But the Republicans can still do some damage. The ultra-rich are as in control of the GOP as ever, but they’ve managed to bring along rising numbers of workers for the ride.
The populist right will continue dining out on Democrats’ failure to fight for the working class. Joe Biden did back NAFTA and the Trans-Pacific Partnership (TPP), and Obama did burn unions on the Employee Free Choice Act. At the state level, Virginia Democrats refused to repeal right-to-work despite gaining unified control of the state government last year, with Virginia Democratic governor Ralph Northam reassuring business leaders he does not support such action.
Pro-worker rhetoric and even the occasional good policy, such as the Protecting the Right to Organize (PRO) Act, a labor law reform bill introduced by Rep. Bobby Scott (D-VA) and Senator Patty Murray (D-WA) that would increase protections for labor organizing and collective bargaining, and effectively prohibit state right-to-work laws, isn’t enough to convince many working-class people that the Democrats will ever fight for them.
And rightfully so: the Democrats still seem to be tacking to the suburbs and prioritizing wealthy donors. Even as the Republican Party currently has no platform, Democrats haven’t figured out how to take advantage of their opponents’ incoherence — in part because they refuse to embrace a robust working-class agenda. Figures like Cass emerge from such a vacuum.
Meanwhile, the Republican Party remains unwavering in its commitment to tax cuts for the rich and deregulation. Even in the midst of a pandemic, the GOP is fighting to keep workers’ backs against the wall. What is true now more than ever is that this upwardly redistributive program is accompanied by a culture war that shields donors from criticism while positioning city dwellers and immigrants as the enemy.
The Party of Owning the Libs
Such a single-minded agenda was illustrated in a recent Politico article. Brendan Buck, who the publication describes as “a longtime senior congressional aide and imperturbable party veteran if ever there was one,” characterizes the GOP’s agenda as “owning the libs and pissing off the media.”
This focus on the most superficial sort of culture war energizes Trump’s base. But behind the bloviation, conservative leaders know the party’s tank is running low, and they’re casting around for new ideas.
Take David Brooks, a “never-Trump” Republican. In an August 2020 column, he details one path forward, discussing four senators: Marco Rubio, Josh Hawley, Tom Cotton, and Ben Sasse. In Brooks’s estimation, these men share “certain Trumpian principles”: everything is not OK, economic libertarianism is not the answer, the working class is the heart of the Republican Party, China changes everything, the managerial class betrays America.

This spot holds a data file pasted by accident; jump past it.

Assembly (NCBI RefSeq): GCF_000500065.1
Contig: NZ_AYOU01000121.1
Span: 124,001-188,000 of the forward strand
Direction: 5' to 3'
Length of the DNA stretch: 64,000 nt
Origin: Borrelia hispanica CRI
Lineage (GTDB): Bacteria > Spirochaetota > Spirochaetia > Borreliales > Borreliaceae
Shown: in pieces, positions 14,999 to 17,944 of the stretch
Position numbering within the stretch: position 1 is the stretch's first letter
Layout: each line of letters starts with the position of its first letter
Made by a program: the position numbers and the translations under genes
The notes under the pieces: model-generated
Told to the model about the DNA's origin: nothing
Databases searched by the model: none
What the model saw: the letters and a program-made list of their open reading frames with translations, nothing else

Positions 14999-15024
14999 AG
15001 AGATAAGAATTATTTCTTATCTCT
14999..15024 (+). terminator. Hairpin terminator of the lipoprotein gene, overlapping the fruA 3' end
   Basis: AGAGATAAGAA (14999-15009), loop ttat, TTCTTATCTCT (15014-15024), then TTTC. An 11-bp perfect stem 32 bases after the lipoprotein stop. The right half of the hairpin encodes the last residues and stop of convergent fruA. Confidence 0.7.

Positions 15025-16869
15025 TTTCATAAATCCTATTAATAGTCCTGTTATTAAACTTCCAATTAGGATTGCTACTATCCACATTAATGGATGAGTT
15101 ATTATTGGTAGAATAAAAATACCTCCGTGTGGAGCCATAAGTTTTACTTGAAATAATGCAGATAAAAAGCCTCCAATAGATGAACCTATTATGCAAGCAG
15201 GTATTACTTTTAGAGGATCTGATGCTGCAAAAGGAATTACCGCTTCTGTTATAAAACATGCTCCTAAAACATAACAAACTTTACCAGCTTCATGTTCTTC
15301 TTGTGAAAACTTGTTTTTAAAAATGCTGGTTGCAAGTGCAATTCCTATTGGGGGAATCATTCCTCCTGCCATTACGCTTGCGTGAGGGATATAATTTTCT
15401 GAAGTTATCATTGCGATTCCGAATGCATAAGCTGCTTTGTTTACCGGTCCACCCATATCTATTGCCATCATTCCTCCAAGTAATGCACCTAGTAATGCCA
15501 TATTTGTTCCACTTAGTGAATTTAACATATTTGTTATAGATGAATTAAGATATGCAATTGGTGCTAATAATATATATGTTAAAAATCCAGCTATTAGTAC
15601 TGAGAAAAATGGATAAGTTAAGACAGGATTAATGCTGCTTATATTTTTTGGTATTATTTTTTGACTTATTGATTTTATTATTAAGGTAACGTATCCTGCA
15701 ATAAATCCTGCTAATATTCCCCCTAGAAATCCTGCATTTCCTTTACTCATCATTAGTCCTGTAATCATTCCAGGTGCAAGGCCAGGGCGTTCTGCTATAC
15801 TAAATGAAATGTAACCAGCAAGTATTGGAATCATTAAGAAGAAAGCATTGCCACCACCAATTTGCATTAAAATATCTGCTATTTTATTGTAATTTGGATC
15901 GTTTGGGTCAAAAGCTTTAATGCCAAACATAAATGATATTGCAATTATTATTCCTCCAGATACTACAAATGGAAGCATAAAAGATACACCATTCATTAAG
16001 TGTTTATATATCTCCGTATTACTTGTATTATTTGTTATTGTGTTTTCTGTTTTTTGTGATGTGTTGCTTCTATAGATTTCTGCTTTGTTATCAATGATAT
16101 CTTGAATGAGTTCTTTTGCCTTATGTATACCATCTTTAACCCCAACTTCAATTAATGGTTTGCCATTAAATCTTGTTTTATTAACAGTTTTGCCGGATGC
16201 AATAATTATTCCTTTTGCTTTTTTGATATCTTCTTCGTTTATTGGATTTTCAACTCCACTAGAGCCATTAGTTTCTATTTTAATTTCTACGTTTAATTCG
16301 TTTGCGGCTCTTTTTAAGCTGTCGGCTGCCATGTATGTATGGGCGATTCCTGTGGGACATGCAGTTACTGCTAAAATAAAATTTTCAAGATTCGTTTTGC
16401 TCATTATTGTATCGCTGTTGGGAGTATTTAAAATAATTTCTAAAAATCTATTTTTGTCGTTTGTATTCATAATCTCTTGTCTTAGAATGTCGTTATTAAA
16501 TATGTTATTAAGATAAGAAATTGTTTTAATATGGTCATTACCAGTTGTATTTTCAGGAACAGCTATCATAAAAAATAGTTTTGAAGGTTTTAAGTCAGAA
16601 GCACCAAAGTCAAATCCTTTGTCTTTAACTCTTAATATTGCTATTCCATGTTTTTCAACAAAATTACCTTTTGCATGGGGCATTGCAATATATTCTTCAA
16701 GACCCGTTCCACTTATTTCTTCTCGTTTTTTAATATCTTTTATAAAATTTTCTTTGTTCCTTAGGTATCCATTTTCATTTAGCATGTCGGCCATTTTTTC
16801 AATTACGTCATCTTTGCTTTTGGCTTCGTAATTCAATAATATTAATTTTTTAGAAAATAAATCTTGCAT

The four youngish senators diverge from there, but the milieu he identifies is real. His interest in their ideas is further evidence of the churning happening backstage. And here again, Cass is waiting in the wings, first on Brooks’s list of “policy wonks and commentators supporting a new Working-Class Republicanism.”
Rubio, who signed a recent American Compass proposal, released on Labor Day and calling for the “reform and reinvigoration of the laws that govern organizing and collective bargaining,” is a fraudulent advocate for workers. Sure, he’s written op-eds that wax nostalgic about “restoring the dignity of work,” complete with remembrances of walking the picket line with the Culinary Workers Union in Las Vegas. But the AFL-CIO gives him an 8 percent lifetime score.
Hawley, a Republican Missouri senator Cass collaborates with and praises, is just as phony. He often refers to the “great American middle,” those unsung Americans being sold out by the “cosmopolitan elite.” Yet he’s funded by the Koch brothers and the Compass Group, supported right-to-work in his home state (losing to a campaign that defeated the measure in a 2018 referendum), and opposed efforts to raise the minimum wage.
If only hypocrisy and insincerity mattered. But they don’t.
Desperately Seeking a Program After Trump
Owning the libs may well be enough to win Trump the White House again this year, but it won’t motivate voters forever. Conservatives like Brooks are looking for a post-Trump program, and the likes of Cass, Rubio, Hawley, and, of course, Tucker Carlson offer one possible future. I can’t predict whether their ideas will be taken up by Brooks types, or the GOP’s Bannonite wing, or neither — there are certainly parts of the Right with no interest in their ideas. But given organized labor’s immense weakness, and Democrats’ failure to seize the moment at a time of complete ideological bankruptcy within the Republican Party, “pro-labor” conservatives won’t be going away anytime soon.
Cass’s project is a contradiction, requiring him to ignore the reality of the GOP as the country’s most enthusiastic party of capital. Either the Left or the Right will determine what follows the discrediting of neoliberalism. On the Left, the nascent socialist movement offers one vision of what the future could look like. The populist right is offering something different: a fantasy that Republicans are champions of the working class.